Choosing your dentist

Thursday, November 11, 2015

When it comes to dentistry, there are two costs you need to bear in mind: the financial cost, and the cost to your health and wellbeing.

Whilst financial costs can be subsidised and/or recouped, the cost to your teeth cannot. You only get one adult set of teeth, the only parts of the human body that don’t heal.

Therefore, it’s crucial that your dentist is the best fit for you and your teeth!

A good dentist will focus on proactive restorative dentistry to minimise dental issues and prevent further problems, be properly trained and qualified, be able to provide proof of their work, not be upset to answer your questions, and have the best interests of your overall healthcare as their number one priority.

The best way to get to know your prospective dentist is to have a conversation with them. Don’t be afraid to ask tough questions!

You can even think of it as an interview – after all you’re searching for the right person to effectively look after your dental health and overall welfare, and they only get one chance to do it right. A few good questions to get you started include:

1. What qualifications do you have and what services do you perform?

Professional qualifications are the first that come to mind. You want to ensure your dentist is qualified and experienced in providing quality dental care. A quick way to check qualifications is to search the Australian Health Practitioner Regulation Agency website. The website can tell whether or not a dentist is licensed, and whether or not any disciplinary actions have been taken against them.

2. What is the practice/dentist’s philosophy?

This is an important question that is often overlooked. A dentist’s philosophy will dictate the options they present to you. Emergency and reactive dental practices often only give limited information about quick fixes that may not be the best long-term treatment. Proactive practices will spend far more time explaining and planning the treatment before commencing work. This usually leads to a better, more predictable end outcome and is well worth the extra cost.

3. What liability will the dentist or practice take ownership of?

It’s vital to know where you stand if or when things don’t work out. This is like a prenuptial agreement and provides a level of security for both you and the dentist before commencing work. A good dentist should have no qualms about standing behind their work, and will be able to identify all the possible negative outcomes before starting treatment. This will ensure you are fully informed and give ‘informed’ consent to any treatment provided.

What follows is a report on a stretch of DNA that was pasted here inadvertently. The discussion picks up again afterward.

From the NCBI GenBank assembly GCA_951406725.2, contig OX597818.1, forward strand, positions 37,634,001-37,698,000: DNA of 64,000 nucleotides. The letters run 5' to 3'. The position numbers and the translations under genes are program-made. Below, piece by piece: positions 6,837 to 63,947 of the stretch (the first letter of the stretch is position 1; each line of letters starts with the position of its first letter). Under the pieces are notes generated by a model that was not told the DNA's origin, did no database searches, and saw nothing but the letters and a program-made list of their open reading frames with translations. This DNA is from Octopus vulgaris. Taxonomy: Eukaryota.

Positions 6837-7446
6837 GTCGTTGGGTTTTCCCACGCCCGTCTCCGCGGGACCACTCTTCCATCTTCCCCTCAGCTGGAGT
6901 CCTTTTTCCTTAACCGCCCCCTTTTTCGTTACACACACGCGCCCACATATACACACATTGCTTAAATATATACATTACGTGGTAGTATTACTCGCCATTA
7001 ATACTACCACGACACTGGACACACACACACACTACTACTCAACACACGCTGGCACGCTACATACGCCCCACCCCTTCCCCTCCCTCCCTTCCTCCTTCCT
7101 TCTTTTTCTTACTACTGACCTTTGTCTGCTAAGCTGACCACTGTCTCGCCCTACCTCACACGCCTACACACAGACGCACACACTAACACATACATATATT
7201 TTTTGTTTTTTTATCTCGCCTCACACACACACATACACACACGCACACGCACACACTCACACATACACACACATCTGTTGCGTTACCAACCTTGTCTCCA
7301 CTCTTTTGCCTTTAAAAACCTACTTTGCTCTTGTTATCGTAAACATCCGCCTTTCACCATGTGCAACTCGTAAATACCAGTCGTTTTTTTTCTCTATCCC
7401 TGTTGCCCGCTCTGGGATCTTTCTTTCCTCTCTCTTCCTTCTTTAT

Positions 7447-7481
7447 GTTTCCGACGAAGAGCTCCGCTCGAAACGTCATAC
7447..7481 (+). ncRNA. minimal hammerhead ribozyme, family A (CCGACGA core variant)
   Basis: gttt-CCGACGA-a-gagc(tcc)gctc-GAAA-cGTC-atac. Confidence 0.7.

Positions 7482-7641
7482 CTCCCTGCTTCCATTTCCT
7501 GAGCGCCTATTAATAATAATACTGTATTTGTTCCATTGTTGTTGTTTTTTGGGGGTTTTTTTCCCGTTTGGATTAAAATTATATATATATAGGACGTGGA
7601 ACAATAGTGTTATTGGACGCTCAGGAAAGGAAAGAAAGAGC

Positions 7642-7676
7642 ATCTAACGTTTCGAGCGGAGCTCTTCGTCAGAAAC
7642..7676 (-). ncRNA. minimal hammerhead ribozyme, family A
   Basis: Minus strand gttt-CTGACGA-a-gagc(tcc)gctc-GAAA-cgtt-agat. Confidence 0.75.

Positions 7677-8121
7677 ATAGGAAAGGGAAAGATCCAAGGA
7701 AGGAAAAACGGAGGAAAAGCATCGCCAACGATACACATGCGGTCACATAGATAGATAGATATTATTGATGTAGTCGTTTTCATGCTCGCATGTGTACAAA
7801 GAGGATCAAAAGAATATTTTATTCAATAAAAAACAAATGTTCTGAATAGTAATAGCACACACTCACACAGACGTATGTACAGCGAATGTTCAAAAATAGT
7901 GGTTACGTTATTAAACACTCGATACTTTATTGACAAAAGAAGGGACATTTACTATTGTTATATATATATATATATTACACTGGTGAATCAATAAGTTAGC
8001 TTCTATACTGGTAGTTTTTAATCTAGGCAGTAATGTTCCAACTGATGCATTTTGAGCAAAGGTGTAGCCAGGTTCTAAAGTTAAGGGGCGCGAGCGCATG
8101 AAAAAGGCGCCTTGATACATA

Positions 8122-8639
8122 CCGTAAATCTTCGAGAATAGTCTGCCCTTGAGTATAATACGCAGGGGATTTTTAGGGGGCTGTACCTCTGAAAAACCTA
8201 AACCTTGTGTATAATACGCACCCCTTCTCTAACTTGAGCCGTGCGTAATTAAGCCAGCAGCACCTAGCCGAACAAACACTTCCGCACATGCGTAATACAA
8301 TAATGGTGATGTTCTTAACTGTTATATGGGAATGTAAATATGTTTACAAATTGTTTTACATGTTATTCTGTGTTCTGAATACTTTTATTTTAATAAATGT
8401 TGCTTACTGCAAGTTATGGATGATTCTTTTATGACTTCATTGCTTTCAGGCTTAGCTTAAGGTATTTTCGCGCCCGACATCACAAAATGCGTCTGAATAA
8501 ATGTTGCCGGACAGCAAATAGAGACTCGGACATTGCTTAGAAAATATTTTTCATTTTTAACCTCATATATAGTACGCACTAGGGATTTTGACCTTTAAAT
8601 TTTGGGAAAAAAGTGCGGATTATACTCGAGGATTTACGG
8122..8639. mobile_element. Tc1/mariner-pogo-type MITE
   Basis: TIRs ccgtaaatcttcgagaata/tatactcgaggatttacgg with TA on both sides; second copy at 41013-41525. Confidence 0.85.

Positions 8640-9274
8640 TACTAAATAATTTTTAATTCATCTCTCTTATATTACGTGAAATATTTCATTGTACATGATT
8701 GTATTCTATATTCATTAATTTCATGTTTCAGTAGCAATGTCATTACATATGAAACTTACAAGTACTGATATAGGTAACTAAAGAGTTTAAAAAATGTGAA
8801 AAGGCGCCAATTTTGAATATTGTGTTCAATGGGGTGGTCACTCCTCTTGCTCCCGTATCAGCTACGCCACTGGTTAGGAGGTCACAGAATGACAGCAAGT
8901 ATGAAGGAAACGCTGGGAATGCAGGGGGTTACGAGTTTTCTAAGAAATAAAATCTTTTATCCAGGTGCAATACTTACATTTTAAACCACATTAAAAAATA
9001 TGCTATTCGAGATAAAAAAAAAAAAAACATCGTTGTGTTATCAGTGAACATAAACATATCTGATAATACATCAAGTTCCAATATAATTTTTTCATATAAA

4. What dental treatment option does the dentist do for themselves and their loved ones?

A good way of working out the best option is to ask what the dentist would do for themselves or their loved ones. We generally only do the best on those nearest and dearest to us. If possible, ask for photos or x-rays of this treatment.

5. Can I have a tour of the practice, including the sterilization area?

Seeing is believing, and it’s important that a practice maintains the highest level of infection control. Quite often, the areas that are visible are kept neat and tidy, but it’s the areas hidden from view that are the real test.  Like a restaurant with the kitchen on display, a dental practice with nothing to hide will be more than happy to show you the sterilization and cleaning areas, if not the whole practice.

6. How do you stay up to date with latest dental practices?

A lot has changed in dentistry over the past 20 years, and some dentists have been practicing for a lot longer than that. To ensure you’re receiving the best treatment available, it’s important that your dentist is keeping on top of best industry practices and doesn’t stop researching and learning.

Once you have chosen your dentist, don’t stop asking questions. Before embarking on any major dental work, I recommend asking the following questions:

  1. What is the problem?
  2. Have you seen this problem before?
  3. What are my options?
  4. What are the pros, cons, and longevity of each of these options?
  5. Do you have before and after photos of a similar case?
  6. What is the worst case scenario?
  7. What will happen if I do nothing?

Watch the video for my advice on questions to ask your dentist.

Posted in: General

2 responses to “Choosing your dentist”

  1. This is great post. Please keep teaching about the root causes of caries since we are mostly marketed about flouride, which does seem to have some negative endocrine effects and has limited upside. Sugar is so addictive but it is very clear that all parts of the body from chronic inflammation to excess weight to depression and mood and adrenal glands are better without it. Keep fighting the good fight!

  2. eric says:

    Great information Dr Rick. Really had no idea how important it was when choosing a Dentist. Thx.

Leave a Reply